Psoriatic Arthritis

Multiple treatment options can combat your chronic inflammation and pain

Psoriatic arthritis is an inflammatory disease of the joints that occurs in association with the skin condition psoriasis. It is a chronic disease with symptoms that may wax and wane over time.

Psoriatic arthritis can affect any joint, but it is most common in the fingers and toes. In mild cases, only one or a few joints are affected. In severe cases, psoriatic arthritis can significantly impair daily functioning and quality of life.

Only about 15 percent of people with psoriasis develop psoriatic arthritis and in most cases, the skin symptoms appear before the joint problems. The condition typically arises in people ages 30 to 50, but can also begin in younger and older people. It affects men and women at roughly equal rates.

Scientists do not fully understand why psoriatic arthritis develops. They believe that genetic, environmental and immunological factors all play a role.

Symptoms

Common symptoms of psoriatic arthritis include:

  • Fatigue
  • Joint pain
  • Pain or inflammation of the eye
  • Pitting or other changes in the nails
  • Scaly red and white patches on the skin
  • Stiffness
  • Swelling of joints
  • Tenderness where tendons and ligaments connect to bones (e.g. at the back of the heel)

Overview

Psoriatic arthritis can affect any joint, but it is most common in the fingers and toes. In mild cases, only one or a few joints are affected. In severe cases, psoriatic arthritis can significantly impair daily functioning and quality of life.

Only about 15 percent of people with psoriasis develop psoriatic arthritis and in most cases, the skin symptoms appear before the joint problems. The condition typically arises in people ages 30 to 50, but can also begin in younger and older people. It affects men and women at roughly equal rates.

Scientists do not fully understand why psoriatic arthritis develops. They believe that genetic, environmental and immunological factors all play a role.

Symptoms

Common symptoms of psoriatic arthritis include:

  • Fatigue
  • Joint pain
  • Pain or inflammation of the eye
  • Pitting or other changes in the nails
  • Scaly red and white patches on the skin
  • Stiffness
  • Swelling of joints
  • Tenderness where tendons and ligaments connect to bones (e.g. at the back of the heel)

Psoriatic arthritis is a complex disease where symptoms can mimic other problems, such as rheumatoid arthritis, reactive arthritis (arthritis that develops in response to an infection) and gout. There is no definitive test for psoriatic arthritis, so IU Health physicians use a combination of medical history, physical examination, laboratory testing and imaging procedures to diagnose the condition. Early diagnosis and treatment may help to prevent permanent damage to your joints.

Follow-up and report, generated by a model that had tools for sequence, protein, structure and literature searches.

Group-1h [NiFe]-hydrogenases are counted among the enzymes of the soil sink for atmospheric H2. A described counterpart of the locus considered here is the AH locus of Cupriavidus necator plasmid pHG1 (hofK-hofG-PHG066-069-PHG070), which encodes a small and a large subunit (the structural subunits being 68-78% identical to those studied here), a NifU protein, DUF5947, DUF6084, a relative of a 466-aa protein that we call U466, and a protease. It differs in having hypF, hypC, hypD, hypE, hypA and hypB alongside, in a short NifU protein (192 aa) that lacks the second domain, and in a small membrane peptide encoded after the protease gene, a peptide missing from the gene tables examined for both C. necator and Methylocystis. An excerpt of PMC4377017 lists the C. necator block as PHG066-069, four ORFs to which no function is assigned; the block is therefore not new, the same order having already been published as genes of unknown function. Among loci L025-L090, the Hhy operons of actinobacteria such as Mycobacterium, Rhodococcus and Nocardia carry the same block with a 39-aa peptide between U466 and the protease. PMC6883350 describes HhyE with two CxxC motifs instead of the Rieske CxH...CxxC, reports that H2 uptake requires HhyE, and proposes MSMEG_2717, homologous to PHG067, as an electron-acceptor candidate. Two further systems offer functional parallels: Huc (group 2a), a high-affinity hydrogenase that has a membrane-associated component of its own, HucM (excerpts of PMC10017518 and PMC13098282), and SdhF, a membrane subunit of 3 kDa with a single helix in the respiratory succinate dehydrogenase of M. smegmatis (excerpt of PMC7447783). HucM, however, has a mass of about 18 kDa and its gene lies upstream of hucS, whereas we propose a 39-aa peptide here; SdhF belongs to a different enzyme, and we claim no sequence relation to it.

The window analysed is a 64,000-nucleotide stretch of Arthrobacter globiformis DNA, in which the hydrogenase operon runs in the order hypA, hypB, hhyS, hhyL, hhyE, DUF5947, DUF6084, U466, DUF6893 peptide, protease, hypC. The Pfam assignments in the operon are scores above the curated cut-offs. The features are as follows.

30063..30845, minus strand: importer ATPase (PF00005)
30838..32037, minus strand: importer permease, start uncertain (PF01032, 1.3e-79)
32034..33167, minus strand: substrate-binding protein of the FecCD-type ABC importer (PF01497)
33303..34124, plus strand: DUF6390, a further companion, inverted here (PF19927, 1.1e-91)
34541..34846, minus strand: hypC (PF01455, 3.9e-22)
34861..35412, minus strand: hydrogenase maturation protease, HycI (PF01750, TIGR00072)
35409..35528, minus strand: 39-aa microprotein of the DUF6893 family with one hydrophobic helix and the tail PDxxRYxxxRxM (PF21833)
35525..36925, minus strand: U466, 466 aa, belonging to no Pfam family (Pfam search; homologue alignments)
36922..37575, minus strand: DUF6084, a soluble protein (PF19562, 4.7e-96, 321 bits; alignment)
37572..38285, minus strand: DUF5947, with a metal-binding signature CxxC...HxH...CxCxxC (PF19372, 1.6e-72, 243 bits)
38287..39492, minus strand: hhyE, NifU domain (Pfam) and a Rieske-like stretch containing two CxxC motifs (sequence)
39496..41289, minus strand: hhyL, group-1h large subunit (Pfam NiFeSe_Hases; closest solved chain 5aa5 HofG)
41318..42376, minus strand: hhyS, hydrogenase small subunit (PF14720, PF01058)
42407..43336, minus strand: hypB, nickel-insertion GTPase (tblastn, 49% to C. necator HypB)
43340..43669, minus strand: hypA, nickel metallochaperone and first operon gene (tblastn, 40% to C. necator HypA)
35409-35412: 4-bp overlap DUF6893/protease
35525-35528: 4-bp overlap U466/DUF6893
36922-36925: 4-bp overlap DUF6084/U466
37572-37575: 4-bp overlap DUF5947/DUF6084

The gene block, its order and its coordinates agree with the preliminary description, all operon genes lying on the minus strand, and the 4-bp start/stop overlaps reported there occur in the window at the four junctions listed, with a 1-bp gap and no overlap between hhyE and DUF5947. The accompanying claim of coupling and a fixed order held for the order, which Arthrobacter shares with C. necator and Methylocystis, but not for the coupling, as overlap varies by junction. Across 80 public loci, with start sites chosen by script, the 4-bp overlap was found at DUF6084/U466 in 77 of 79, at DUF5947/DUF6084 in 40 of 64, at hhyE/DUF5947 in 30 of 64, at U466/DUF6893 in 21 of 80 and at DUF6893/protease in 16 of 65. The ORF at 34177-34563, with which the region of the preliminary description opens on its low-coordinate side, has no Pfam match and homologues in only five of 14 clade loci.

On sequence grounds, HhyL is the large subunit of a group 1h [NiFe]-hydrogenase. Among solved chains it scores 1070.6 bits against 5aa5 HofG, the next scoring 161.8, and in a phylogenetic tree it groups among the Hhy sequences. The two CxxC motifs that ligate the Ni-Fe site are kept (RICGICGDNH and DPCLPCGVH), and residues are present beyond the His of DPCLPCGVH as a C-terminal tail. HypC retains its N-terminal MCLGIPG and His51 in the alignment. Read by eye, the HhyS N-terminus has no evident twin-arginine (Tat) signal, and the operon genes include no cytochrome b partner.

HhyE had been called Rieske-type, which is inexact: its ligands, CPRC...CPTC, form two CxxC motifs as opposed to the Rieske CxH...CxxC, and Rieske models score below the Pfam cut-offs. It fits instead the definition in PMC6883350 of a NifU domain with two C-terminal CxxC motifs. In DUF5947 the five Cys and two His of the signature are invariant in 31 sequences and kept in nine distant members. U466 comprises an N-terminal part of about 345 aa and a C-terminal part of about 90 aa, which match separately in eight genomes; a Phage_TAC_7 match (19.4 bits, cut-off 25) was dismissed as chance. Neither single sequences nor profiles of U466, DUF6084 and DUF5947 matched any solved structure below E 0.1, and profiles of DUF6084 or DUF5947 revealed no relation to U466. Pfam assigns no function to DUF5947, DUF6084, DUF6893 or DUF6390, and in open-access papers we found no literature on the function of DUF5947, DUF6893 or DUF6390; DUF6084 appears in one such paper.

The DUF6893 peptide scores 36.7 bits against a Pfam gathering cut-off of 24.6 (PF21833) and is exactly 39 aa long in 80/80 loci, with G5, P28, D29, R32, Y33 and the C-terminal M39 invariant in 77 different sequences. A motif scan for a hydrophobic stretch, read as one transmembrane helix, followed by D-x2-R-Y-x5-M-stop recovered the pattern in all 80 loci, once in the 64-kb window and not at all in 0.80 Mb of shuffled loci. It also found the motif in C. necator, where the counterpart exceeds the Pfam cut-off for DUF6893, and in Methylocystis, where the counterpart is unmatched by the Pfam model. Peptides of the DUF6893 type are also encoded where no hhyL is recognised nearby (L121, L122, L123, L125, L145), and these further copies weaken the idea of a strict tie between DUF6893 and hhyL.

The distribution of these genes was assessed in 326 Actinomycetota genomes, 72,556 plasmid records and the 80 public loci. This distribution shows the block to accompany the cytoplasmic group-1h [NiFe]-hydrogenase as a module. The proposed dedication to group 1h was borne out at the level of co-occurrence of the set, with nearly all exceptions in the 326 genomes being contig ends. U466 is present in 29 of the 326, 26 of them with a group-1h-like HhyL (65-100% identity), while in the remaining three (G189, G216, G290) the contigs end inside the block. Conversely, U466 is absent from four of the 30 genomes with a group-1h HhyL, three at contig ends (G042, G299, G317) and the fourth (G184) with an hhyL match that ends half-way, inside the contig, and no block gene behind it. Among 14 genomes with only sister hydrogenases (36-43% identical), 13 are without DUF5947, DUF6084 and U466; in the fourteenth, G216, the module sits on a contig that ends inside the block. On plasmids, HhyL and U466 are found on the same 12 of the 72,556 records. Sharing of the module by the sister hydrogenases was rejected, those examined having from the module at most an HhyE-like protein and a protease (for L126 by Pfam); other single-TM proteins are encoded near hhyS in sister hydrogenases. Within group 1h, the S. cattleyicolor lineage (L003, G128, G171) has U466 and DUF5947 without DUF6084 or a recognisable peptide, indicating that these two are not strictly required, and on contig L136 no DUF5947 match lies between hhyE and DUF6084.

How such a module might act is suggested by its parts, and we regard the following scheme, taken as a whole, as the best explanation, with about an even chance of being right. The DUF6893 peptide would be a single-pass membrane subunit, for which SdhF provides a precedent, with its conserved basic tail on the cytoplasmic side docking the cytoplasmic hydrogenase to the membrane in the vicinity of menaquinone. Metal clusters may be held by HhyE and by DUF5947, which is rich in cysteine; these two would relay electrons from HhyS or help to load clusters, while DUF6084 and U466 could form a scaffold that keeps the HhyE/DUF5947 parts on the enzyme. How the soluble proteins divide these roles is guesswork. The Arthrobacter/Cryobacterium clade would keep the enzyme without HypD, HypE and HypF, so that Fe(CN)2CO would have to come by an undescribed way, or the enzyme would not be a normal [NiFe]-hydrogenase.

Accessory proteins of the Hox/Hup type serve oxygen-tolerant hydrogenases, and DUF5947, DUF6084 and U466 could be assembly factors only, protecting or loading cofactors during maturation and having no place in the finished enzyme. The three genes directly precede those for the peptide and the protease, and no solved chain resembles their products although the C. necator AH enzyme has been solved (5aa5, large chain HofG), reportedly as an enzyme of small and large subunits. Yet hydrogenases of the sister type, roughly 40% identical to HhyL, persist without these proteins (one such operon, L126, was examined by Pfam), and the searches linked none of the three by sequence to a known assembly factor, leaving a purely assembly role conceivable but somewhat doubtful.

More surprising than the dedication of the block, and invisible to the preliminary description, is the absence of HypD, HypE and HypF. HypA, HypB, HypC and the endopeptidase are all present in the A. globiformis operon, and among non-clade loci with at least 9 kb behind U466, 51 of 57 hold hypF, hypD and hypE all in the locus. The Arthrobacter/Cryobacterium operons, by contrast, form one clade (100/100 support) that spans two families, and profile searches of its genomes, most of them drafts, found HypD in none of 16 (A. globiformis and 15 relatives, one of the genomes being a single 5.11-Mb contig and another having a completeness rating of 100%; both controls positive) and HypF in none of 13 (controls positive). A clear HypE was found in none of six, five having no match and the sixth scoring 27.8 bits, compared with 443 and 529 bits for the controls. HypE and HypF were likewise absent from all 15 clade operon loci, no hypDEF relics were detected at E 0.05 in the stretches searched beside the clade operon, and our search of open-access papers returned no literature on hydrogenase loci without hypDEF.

Diagnosis

Psoriatic arthritis is a complex disease where symptoms can mimic other problems, such as rheumatoid arthritis, reactive arthritis (arthritis that develops in response to an infection) and gout. There is no definitive test for psoriatic arthritis, so IU Health physicians use a combination of medical history, physical examination, laboratory testing and imaging procedures to diagnose the condition. Early diagnosis and treatment may help to prevent permanent damage to your joints.

Although there is no cure for the psoriatic arthritis, current treatments can control pain and preserve your mobility. When necessary, you may be referred to specialists in dermatology, orthopedics and other fields for additional care.

Treatment options include:

Medicine Therapy

Depending on the severity of your symptoms, you may be prescribed medicine to help reduce pain and swelling.

Non-Steroidal Anti-Inflammatory Drugs (NSAIDs)

These medications, which come in over-the-counter and prescription versions, can help to alleviate symptoms such as pain and swelling. NSAIDs typically serve as an initial treatment.

Corticosteroids

Administered in low doses in oral or injectable form, these medications can relieve swelling and pain in joints.

Disease-Modifying Anti-Rheumatic Drugs (DMARDs)

DMARDs can ease symptoms and improve quality of life while also possibly delaying the course of psoriatic arthritis.